Notice of Special Interest on Methodological Advances to Improve Alcohol Measurement and its Consequences for People Living with HIV who have Comorbidities, Coinfections, and Complications

Notice Number: NOT-AA-19-006

Key Dates
Release Date:January 28, 2019

Related Announcements



Issued by
National Institute on Alcohol Abuse and Alcoholism (NIAAA)


The primary goal of this notice is to more accurately assess, through improved measurement and analysis, the impact of HIV infection and alcohol use on health outcomes related to associated comorbidities, coinfections, and complications (CCC).


NIAAA seeks to implement novel analytic technologies for advancing high-priority HIV/AIDS research that is informed by patterns of both acute and chronic alcohol use. Advanced data-generating and data-analytic technologies should take advantage of existing datasets by either performing secondary analysis of existing data and biorepositories and/or augmenting these high-value datasets with informative measures that can be derived from multiple behavioral (e.g. ecological momentary assessment) and/or biological domains (biomarkers, biosensors, etc.) and /or informative combinations of multiple data sources. It is expected that this activity should significantly advance the use of “big data” and advanced analytic procedures that may in the future be able to address issues related to targeting interventions and expediting the use of individualized medicine. Proposals to support joint research projects between methodological experts and HIV care providers should lead to fundamental and multidisciplinary biomedical research, addressing prevention and treatment of HIV/AIDS and HIV-associated co-morbidities, coinfections, and complications.

Methodological advances include (but are not limited to) broadly improving measurement accuracy, reliability, and validity of alcohol exposure and its consequences in multiple cohorts of people living with HIV/AIDS supported by NIH through the Office of AIDS Research (OAR). In addition, this research may advance the use of predictive analytic techniques in both observational and intervention research for people living with HIV/AIDS who consume alcohol in collaboration with multiple institutes and utilization of novel technologies to improve self-report data, biomarkers, and biosensors. Advanced analytic techniques can be used to evaluate both direct and indirect effects of alcohol use and burden of disease on rates of new infections, diseases progression, and morbidity and mortality and to promote use of advanced decision-making tools/algorithms for implementation of preventive and treatment interventions.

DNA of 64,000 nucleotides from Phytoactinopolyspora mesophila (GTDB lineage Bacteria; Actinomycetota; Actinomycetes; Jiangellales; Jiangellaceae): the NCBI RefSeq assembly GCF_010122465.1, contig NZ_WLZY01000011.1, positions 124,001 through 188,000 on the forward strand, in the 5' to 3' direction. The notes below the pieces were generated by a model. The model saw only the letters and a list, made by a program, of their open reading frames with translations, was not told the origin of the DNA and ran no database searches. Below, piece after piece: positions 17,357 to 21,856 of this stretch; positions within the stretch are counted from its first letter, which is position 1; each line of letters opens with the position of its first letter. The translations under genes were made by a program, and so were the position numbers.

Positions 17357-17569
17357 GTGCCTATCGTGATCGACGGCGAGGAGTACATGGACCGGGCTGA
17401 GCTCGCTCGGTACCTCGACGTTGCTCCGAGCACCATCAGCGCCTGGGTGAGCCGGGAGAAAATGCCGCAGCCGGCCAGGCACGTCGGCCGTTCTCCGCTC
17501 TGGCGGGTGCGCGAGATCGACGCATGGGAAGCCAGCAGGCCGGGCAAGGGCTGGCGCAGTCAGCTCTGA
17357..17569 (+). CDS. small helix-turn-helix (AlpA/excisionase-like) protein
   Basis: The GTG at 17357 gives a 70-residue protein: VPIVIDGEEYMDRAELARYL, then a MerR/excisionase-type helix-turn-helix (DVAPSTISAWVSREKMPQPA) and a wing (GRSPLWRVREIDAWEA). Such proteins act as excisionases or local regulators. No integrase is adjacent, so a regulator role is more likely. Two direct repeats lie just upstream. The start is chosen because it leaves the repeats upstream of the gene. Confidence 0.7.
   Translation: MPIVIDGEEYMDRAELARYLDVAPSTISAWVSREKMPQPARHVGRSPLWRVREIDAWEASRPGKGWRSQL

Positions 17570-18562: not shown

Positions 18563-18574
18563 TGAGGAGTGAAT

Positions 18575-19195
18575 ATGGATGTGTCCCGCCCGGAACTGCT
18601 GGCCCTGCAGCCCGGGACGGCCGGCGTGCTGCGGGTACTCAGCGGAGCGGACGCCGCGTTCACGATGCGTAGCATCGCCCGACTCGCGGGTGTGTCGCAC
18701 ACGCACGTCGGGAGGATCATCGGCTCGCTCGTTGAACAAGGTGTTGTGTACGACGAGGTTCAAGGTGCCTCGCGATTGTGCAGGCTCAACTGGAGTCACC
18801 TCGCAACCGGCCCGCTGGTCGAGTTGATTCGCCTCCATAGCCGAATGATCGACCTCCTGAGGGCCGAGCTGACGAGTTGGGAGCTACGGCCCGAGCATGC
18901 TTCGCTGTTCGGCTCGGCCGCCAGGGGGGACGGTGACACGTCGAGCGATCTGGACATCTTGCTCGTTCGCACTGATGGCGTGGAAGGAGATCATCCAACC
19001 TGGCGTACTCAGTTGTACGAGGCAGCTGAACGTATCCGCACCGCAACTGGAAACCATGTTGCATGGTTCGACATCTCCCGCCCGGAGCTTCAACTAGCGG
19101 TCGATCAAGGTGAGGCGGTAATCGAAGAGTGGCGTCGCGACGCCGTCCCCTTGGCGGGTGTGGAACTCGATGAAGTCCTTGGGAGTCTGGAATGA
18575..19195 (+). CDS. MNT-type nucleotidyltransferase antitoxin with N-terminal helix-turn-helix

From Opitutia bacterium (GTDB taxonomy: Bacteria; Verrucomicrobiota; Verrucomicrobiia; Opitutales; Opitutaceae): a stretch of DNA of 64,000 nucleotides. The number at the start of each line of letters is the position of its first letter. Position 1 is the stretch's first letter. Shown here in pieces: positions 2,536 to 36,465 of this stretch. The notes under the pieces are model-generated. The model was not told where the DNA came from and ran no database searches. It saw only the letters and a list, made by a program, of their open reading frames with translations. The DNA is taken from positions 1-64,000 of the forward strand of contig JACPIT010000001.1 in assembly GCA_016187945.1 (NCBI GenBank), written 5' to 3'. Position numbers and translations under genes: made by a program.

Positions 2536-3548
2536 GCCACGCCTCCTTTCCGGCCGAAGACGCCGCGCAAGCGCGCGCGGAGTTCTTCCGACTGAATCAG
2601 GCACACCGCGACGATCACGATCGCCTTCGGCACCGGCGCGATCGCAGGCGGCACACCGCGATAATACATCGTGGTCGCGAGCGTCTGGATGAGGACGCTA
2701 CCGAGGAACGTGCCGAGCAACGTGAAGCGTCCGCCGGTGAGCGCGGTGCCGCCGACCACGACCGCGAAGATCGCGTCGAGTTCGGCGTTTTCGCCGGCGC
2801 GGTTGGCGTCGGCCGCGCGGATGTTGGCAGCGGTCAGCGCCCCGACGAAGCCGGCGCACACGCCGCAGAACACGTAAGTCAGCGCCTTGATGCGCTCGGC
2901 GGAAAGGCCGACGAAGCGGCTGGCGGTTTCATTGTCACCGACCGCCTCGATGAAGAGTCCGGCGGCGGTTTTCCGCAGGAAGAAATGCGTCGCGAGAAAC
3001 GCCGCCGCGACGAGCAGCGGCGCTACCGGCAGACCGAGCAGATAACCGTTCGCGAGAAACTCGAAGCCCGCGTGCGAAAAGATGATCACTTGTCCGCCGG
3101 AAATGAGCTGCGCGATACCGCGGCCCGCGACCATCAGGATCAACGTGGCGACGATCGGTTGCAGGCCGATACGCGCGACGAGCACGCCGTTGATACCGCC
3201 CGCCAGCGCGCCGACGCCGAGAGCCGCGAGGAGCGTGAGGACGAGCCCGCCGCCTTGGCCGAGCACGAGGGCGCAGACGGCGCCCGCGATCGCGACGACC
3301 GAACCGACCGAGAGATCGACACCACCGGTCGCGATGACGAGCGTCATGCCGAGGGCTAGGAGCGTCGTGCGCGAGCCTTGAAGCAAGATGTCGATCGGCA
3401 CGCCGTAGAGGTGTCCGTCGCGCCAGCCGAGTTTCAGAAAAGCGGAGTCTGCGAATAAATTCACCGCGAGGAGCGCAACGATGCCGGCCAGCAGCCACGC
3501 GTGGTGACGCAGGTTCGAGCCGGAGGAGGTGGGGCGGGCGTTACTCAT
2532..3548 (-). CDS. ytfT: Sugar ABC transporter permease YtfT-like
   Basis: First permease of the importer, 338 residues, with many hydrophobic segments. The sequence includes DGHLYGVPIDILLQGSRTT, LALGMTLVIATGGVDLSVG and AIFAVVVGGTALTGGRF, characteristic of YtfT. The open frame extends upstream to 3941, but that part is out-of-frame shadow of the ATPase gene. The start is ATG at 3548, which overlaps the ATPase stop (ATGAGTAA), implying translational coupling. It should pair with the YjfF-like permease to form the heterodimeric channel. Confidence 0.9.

Research Objectives:

NIAAA proposes to support evaluation for all HIV/AIDS applications with cohorts that utilize alcohol measures across institutes and identify where improvement in measurement and analytic approaches can be implemented within these cohorts. These models for attenuated effects of the accuracy for alcohol measurement can be extrapolated to treatment cascade and the effectiveness of development of interventions and combinations of interventions. Multiple levels of assessment can be tailored to these activities for (but are not limited to):

  1. Improving assessment of marginalized or under sampled populations (e.g. pregnant women,  sexual and racial/ethnic minorities, migrants) who drink;
  2. Improving approaches in adaptive intervention models and multilevel models using decision algorithms for individuals with alcohol and related substance and/or mental health problems;